MediaSlander.com Goes Active, Challenges Foley's Easonizing, Other Attacks on U.S. Military
Newspaper Guild's Linda Foley really stuck her foot in it May 13 at the National Conference for Media Reform gathering in St. Louis when she repeated former CNN executive Eason Jordan's assertion about the U.S. military killing journalists in Iraq. Here's the key section of Foley's statement, which came during a panel discussion:
"Journalists, by the way, are not just being targeted verbally or, ah, politically. They are also being targeted for real, um, in places like Iraq. What outrages me as a representative of journalists is that there's not more outrage about the number, and the brutality and the cavalier nature of the US military toward the killing of journalists in Iraq. I think it's just a scandal."
"They target and kill journalists from other other countries, particularly Arab countries like Al Jazeera, for example. They actually target them and blow up their studios with impunity."
In the uproar that predictably followed Foley's statement, she declined to respond to requests for interviews or to provide documentation. The Communications Workers of America, which is the Newspaper Guild's parent union, also declined to address the substance of Foley's assertion or provide any backup.
In what may well be the most significant outcome from the Foley flap, though, the good folks who put togetherEasongate.com have now reconvened at www.mediaslander.com and will be tracking all sorts of stuff in addition to the Foley fall-out.
The MediaSlander.com teams pledges they "will not cease operations with resolution of this particular controversy. We will remain active to confront any slanderous reporting and/or statements made defaming the honor of the men and women who constitute the US Military."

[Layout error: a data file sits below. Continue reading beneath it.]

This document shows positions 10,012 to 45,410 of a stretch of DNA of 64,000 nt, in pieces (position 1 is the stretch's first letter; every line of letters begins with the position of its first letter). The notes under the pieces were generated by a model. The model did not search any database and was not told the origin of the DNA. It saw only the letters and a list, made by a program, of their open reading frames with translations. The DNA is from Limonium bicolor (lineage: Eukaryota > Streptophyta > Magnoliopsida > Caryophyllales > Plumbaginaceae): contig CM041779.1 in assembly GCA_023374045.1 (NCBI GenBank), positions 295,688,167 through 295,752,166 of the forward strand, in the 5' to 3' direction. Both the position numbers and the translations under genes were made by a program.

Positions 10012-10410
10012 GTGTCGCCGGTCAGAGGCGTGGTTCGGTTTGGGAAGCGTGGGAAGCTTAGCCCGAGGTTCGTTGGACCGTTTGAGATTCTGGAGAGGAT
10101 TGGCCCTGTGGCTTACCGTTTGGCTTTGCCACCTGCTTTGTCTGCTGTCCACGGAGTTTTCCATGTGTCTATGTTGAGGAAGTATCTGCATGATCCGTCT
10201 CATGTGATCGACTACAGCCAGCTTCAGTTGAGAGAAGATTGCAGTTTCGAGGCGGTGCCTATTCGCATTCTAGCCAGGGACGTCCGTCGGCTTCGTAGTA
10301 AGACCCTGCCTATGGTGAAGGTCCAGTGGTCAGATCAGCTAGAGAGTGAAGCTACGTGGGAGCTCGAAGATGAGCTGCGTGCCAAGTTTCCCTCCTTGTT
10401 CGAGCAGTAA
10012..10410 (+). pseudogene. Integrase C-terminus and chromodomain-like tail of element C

Sounds good to me. I've added the new blog to my blogroll and I hope you do the same.
You should also check out this column in E&P by the Chicago Sun-Times' Thomas Lipscomb, who has been virtually alone in the MSM in covering Foley's remarks and the aftermath. Lipscomb wonders:
"Foley had the advantage of seeing what happened to Jordan and, as the head of a powerful union of 35,000 journalists and media workers, she knew anything she said about targeting journalists would likely be scrutinized. So one would expect that she has a pretty solid case for her revival of the discredited Jordan charges? But one would be wrong. Her spokesperson, Candice Johnson, told me Foley can provide 'no evidence' to support her charges either."
Lipscomb wonders why the MSM has thus far ignored the Foley flap:
"Sherlock Holmes’s key clue to who stole the racehorse in “Silver Blaze” was a dog in the stall that didn’t bark. And something equally odd happened on the way to the Foley firestorm: To date, not a single pundit, editorial writer, or newspaper ran anything, with the exception of the Chicago Sun-Times story I wrote, a St. Paul Pioneer Press column by Mark Yost, and a Washington Times column item."